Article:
I encourage you to read the Yamaha product page on the 62II.
62 vs. Custom
A lot of people are shocked that there are professional models of Yamaha beyond the … well … professional model. Yup. The Custom horns have different bores, necks, octave key mechs, bows, engraving, bell-to-body brace, etc. Which is fine, unless you want a baritone — there aren’t any Custom series baritones.
I’ve played the Yamaha Custom 855, the forerunner of the Custom 875, and 62 alto next to each other and the Custom is … sublime. That series of horn is just about perfect, in my opinion. But it’s almost 50% more than the 62. I’m not sure that the Custom 875 would be 50% better than your 62II, but you can always check it out. It’s also a much darker horn. I’m told that the 82Z is less dark, but still more than the 62.
Some people might have you believe that the finish — which is currently gold lacquer, matte lacquer or silver plate on the 62II — makes a significant difference in tonal quality. It doesn’t. I wrote a nice article on this awhile back.
Looking over the prices on USAHorn.com, silver plate on the 62II is only about $100 more. I’d definitely get that: it’s a more durable finish.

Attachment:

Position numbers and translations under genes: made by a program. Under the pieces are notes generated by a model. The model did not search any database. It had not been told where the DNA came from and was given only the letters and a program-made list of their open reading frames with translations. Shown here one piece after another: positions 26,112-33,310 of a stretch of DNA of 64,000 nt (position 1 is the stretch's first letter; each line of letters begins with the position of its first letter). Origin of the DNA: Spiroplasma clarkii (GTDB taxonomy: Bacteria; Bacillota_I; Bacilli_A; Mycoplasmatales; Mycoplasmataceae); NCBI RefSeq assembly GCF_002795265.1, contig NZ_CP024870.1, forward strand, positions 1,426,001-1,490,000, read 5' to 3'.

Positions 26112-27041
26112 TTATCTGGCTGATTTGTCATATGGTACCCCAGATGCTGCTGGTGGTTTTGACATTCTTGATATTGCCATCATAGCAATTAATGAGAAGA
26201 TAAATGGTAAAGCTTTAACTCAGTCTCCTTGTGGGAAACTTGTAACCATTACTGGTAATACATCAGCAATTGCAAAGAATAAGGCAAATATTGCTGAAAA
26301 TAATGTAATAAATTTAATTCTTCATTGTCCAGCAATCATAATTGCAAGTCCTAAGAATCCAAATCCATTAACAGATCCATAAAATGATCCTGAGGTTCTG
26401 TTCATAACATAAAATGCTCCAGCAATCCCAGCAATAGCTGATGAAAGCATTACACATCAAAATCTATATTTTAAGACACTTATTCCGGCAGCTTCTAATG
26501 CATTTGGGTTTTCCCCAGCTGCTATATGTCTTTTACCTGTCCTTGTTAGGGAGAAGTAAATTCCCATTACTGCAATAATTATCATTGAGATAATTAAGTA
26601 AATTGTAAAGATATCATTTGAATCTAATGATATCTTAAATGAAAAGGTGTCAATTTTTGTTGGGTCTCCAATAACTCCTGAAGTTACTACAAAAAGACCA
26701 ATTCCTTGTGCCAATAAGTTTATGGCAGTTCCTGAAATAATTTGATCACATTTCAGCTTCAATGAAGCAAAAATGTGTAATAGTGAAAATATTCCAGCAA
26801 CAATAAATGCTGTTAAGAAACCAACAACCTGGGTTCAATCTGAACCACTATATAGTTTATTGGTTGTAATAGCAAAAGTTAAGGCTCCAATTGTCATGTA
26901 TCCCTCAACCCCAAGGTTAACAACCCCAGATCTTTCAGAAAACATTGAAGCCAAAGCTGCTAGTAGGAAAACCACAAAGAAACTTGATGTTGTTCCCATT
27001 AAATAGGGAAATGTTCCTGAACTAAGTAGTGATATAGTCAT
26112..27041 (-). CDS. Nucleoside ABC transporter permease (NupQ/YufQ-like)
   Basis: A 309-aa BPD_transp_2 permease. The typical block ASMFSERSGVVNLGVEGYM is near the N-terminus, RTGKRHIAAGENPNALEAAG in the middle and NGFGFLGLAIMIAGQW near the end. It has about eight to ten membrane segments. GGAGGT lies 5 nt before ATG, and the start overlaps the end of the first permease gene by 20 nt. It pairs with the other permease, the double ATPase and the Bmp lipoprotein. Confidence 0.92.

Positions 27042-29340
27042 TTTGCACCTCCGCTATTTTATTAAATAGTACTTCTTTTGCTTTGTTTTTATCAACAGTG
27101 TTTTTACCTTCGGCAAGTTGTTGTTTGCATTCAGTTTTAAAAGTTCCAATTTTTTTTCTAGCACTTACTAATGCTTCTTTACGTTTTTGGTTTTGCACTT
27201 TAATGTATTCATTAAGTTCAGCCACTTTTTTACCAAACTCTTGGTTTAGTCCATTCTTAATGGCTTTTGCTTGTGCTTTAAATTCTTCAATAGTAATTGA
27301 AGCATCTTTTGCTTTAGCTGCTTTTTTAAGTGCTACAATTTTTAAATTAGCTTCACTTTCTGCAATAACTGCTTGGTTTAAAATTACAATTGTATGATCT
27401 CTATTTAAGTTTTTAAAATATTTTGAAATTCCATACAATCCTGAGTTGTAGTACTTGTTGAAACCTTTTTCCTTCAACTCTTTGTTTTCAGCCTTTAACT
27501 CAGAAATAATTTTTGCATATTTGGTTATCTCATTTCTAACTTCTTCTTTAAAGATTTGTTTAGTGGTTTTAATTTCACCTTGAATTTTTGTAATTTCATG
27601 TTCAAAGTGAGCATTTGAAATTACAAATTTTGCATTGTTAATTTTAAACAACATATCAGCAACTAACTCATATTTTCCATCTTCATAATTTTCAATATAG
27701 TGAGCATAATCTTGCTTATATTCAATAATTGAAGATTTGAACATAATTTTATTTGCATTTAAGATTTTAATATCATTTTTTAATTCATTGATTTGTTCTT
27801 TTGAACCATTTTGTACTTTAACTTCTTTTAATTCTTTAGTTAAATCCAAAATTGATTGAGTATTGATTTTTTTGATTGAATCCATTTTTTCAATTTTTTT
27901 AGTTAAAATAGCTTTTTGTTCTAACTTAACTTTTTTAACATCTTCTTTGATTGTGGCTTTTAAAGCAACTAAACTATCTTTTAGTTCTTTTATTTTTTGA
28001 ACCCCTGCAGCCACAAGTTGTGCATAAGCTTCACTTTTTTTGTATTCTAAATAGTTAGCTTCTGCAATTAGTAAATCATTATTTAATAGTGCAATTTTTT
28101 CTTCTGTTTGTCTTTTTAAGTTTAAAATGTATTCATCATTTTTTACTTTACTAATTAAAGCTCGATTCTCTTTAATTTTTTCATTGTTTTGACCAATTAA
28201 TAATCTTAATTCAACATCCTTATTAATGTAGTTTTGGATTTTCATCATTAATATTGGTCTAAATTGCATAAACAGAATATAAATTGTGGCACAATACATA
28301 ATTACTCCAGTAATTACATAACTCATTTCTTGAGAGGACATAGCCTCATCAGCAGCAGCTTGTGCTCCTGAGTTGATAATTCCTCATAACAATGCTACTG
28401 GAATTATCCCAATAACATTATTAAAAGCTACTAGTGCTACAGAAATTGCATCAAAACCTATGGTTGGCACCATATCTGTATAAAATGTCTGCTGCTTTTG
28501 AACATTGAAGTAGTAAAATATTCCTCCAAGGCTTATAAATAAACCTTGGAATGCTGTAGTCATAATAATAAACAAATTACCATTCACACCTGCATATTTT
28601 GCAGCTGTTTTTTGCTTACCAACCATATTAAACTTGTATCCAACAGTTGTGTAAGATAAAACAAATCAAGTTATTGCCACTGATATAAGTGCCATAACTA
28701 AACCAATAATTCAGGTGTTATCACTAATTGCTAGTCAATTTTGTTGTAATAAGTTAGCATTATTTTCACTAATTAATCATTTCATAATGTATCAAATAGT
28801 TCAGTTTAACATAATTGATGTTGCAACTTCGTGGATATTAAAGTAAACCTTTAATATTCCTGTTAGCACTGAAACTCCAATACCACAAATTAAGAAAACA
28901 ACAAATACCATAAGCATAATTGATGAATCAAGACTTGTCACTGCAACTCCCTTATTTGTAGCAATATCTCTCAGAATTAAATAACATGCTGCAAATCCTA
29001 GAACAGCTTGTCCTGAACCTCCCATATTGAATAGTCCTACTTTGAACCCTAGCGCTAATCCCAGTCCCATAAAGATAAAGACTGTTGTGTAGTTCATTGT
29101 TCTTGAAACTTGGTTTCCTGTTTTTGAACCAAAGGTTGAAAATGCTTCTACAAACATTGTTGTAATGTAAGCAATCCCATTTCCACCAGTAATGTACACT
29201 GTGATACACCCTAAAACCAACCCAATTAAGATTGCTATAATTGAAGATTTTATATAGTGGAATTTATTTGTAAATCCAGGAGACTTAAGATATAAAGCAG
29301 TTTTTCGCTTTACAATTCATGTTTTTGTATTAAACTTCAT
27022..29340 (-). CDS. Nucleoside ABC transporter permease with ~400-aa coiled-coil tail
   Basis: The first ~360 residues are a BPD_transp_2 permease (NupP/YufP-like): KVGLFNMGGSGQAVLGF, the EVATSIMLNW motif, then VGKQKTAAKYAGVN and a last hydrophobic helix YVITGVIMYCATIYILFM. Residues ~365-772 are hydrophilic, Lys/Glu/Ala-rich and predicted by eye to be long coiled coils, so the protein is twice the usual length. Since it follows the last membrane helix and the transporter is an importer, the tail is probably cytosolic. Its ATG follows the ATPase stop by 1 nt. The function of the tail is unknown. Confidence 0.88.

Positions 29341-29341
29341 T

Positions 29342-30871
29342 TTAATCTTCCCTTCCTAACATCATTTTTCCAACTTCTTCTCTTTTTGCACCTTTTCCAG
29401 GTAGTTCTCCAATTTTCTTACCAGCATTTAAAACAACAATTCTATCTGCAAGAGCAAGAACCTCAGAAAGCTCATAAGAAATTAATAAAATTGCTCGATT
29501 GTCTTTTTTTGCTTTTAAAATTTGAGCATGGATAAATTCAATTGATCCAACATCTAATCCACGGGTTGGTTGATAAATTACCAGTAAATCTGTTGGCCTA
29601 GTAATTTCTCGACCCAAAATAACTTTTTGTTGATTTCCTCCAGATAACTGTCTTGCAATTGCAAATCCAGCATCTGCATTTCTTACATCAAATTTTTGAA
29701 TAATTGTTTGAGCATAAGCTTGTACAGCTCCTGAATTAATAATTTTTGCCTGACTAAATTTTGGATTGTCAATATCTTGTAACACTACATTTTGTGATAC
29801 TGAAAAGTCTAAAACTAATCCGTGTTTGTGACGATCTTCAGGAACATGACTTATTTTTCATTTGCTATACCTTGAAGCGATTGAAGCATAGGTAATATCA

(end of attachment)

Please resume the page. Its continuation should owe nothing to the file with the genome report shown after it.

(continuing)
The YSS-62, 62R and 675
The Yamaha 675 Soprano has a removeable neck, and both straight and curved are included. The YSS-62, a fully straight soprano and the YSS-62R, a straight soprano with a curved neck, were both discontinued in 1991. The replacement was a horn with interchangeable straight/curved necks, the YSS-675.
To make my life easier, I’m including the YSS-675 here.
It’s a nice looking horn. However, I don’t like straight- or curved-neck sopranos. I only sound good on a fully-curved (i.e. “alto sax shaped”) soprano.
I’ve never heard anyone say anything really bad or really good about the YSS-675, but I’d recommend that you check Yanagisawa’s offerings after you try this horn: Yani’s name was built on the intonation and response of their soprano and sopranino models.
Official Catalog and Website Information
NOTE: The VIEWER pages go to the Yamaha Japan website (http://yamaha.jp), but the pictures, if you click them, allow you to zoom in on the product. It’s kinda like QuicktimeVR (if anyone remembers that). It’s kewl. Try it.